PE

  7. #17

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    Quote Originally Posted by Photo Engineer View Post
    The problem was that top management agreed with the forecast and "sat" on any dissenting opinion.

    That is certainly true. My PPD boss understood; things MIGHT have been different if they didn't get rid of him.

  8. #18
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    Kodak should have legally defended the concept of "photography" against "digital picture-making".

    By winning a court case against "digital" claimants asserting their product is "photography" Kodak would create two separate markets and be able to sell in both. And the case would only have to be run (and won) once in the United States to establish an enduring and persuasive precedent.

    There is a stunning present day example of the power of such litigation. For more than a hundred years any wine producer in the world turning out dry white bubbly wine could label it Champagne. And the grand Champagne houses in Europe were hurting all the way. Now with the power of the EU behind them these original Champagne producers will relentlessly sue any misappropriation of the name Champagne. The result of litigation or threatened litigation is that nobody anywhere labels non-authentic bubbly as Champage. Ok, there may be a few Californian hold-outs still bottling "champagne" but they run the risk of being thought of as being of lesser repute.

    Imagine a world in which re-labelling "digital" as "photography" would be considered dodgy and deceitful. For a few million bucks Kodak might have secured such a world. It may still be possible.
    Photography, the word itself, invented and defined by its author Sir John.F.W.Herschel, 14 March 1839 at the Royal Society, Somerset House, London. Quote "...Photography or the application of the Chemical rays of light to the purpose of pictorial representation,..". unquote.

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    kodak got to where they are for alot of different reasons.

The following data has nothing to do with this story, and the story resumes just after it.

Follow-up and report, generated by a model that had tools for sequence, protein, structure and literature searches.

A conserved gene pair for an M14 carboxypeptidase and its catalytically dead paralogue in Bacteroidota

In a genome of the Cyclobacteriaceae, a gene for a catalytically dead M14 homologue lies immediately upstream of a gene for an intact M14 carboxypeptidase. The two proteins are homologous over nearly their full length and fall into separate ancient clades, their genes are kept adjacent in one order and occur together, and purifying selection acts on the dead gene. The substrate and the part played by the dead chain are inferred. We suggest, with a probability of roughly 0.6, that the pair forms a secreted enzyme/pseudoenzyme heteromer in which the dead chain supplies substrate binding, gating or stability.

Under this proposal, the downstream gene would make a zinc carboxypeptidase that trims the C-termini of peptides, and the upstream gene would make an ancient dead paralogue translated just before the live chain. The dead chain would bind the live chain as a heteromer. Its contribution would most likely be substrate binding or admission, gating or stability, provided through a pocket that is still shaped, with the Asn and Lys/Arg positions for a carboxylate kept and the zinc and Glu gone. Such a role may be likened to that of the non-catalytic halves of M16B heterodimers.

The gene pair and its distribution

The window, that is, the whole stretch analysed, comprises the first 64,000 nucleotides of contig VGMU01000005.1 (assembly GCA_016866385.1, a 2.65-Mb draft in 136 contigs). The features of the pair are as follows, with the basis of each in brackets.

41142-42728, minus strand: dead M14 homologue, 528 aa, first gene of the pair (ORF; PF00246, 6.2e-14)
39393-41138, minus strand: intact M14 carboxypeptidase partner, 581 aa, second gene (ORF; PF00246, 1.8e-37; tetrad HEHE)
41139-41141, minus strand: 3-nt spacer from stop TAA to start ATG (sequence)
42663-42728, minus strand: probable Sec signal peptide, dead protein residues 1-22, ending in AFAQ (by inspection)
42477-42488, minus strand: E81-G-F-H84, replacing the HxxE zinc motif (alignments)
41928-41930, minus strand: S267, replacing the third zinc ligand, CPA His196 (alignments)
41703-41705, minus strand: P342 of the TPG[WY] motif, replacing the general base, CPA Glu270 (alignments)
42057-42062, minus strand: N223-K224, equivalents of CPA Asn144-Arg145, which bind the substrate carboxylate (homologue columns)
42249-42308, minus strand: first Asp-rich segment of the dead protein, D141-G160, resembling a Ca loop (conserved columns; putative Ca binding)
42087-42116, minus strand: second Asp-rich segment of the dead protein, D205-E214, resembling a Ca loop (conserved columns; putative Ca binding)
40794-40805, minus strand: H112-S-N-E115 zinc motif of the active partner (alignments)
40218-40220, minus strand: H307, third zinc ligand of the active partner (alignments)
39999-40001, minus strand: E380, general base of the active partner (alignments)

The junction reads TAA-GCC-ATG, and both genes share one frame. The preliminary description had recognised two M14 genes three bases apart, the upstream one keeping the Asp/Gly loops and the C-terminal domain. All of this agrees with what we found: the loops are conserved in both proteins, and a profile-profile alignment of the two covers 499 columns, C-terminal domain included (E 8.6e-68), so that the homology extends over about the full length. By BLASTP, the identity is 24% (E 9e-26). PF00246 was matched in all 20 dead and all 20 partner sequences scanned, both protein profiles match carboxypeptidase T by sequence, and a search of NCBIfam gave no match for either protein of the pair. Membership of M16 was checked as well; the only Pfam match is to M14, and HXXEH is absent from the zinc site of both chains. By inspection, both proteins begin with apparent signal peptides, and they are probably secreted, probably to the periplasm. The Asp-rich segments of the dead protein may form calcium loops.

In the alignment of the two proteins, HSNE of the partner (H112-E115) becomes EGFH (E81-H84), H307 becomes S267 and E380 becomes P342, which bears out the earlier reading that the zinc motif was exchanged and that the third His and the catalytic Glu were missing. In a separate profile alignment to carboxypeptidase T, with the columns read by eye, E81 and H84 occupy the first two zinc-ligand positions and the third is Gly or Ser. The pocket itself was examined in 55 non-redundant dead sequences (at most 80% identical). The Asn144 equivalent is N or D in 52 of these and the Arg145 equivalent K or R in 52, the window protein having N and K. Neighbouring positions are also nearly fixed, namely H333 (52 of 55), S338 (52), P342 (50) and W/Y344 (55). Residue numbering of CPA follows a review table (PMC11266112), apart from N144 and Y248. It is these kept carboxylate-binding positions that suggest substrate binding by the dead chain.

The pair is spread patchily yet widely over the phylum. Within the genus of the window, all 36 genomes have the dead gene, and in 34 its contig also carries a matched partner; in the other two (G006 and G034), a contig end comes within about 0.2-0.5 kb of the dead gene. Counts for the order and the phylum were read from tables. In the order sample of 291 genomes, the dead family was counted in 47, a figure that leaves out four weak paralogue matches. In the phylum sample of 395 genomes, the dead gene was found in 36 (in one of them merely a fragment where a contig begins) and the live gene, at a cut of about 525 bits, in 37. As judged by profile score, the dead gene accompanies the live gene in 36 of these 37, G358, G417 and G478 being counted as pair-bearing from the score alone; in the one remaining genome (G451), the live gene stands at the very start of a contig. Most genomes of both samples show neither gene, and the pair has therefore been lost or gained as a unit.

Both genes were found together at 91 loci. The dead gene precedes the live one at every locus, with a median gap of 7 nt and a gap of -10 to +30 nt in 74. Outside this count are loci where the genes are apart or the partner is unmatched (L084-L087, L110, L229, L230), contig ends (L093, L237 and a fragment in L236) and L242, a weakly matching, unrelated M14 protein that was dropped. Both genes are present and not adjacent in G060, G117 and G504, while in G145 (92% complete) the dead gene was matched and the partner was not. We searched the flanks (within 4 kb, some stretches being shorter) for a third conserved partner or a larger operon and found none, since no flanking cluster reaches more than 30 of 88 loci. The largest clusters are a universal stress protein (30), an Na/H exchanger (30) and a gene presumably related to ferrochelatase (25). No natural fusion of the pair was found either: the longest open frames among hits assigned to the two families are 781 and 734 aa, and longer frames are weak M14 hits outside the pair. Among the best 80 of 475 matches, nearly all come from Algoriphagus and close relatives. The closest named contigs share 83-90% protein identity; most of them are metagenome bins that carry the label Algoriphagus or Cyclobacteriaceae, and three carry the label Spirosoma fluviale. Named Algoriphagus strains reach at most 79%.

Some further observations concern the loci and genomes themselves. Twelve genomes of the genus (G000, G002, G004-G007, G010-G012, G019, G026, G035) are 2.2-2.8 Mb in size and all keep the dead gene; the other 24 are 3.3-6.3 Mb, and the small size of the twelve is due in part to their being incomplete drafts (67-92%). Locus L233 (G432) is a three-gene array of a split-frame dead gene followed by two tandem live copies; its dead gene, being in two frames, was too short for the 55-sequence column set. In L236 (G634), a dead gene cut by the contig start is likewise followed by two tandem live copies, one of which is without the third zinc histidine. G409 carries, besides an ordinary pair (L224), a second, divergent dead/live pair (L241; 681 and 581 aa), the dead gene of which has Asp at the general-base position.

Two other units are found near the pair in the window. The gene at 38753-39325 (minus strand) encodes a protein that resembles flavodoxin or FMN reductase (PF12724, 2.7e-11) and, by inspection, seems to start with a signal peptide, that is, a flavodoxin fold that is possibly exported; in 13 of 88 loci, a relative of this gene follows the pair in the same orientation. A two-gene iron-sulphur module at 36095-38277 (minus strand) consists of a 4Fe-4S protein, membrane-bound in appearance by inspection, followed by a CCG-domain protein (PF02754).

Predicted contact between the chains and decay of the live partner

one that i am kind of peeved about is they didn't sell master rolls
    to other people so they could cut them and package+resell them
    for people who shoot sheet film and who don't want to wait around
    for a "special order" to get a box of 7x11 or 2.5x3.5" sheet film,
    or something crazy big for a pinhole /camera obscura.

    there are lots of reasons why they are in the place they are in today ..
    and hindsight is always 20/20 ...

    vive la difference !
    john
    silver magnets, trickle tanks sold
    artwork often times sold for charity
    PM me for details

  10. #20

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    Quote Originally Posted by Maris View Post
    Kodak should have legally defended the concept of "photography" against "digital picture-making".

    LOL. Electronic imaging was around long before Kodak - just think of the space program images and video cameras. Digital was a logical extension.

    Kodak could no more have stopped the "digital picture-making' tide than King Canute could stop the tide.

    (Canute (or Cnut or Knut), a Dane who ruled England from 1015 to 1035, as well as Denmark, Norway, Parts of sweden, Pomerania and Schleswig, was a down-to-earth man anoyed by flattering courtiers who tried to tell him that he was all-powerful. To demonstrate that he was not, he had a throne placed on the seashore, sat in it, ordered the tide to go back, and duly got his feet wet.)

    When technology develops to a certain point, there is no putting it back in the bottle.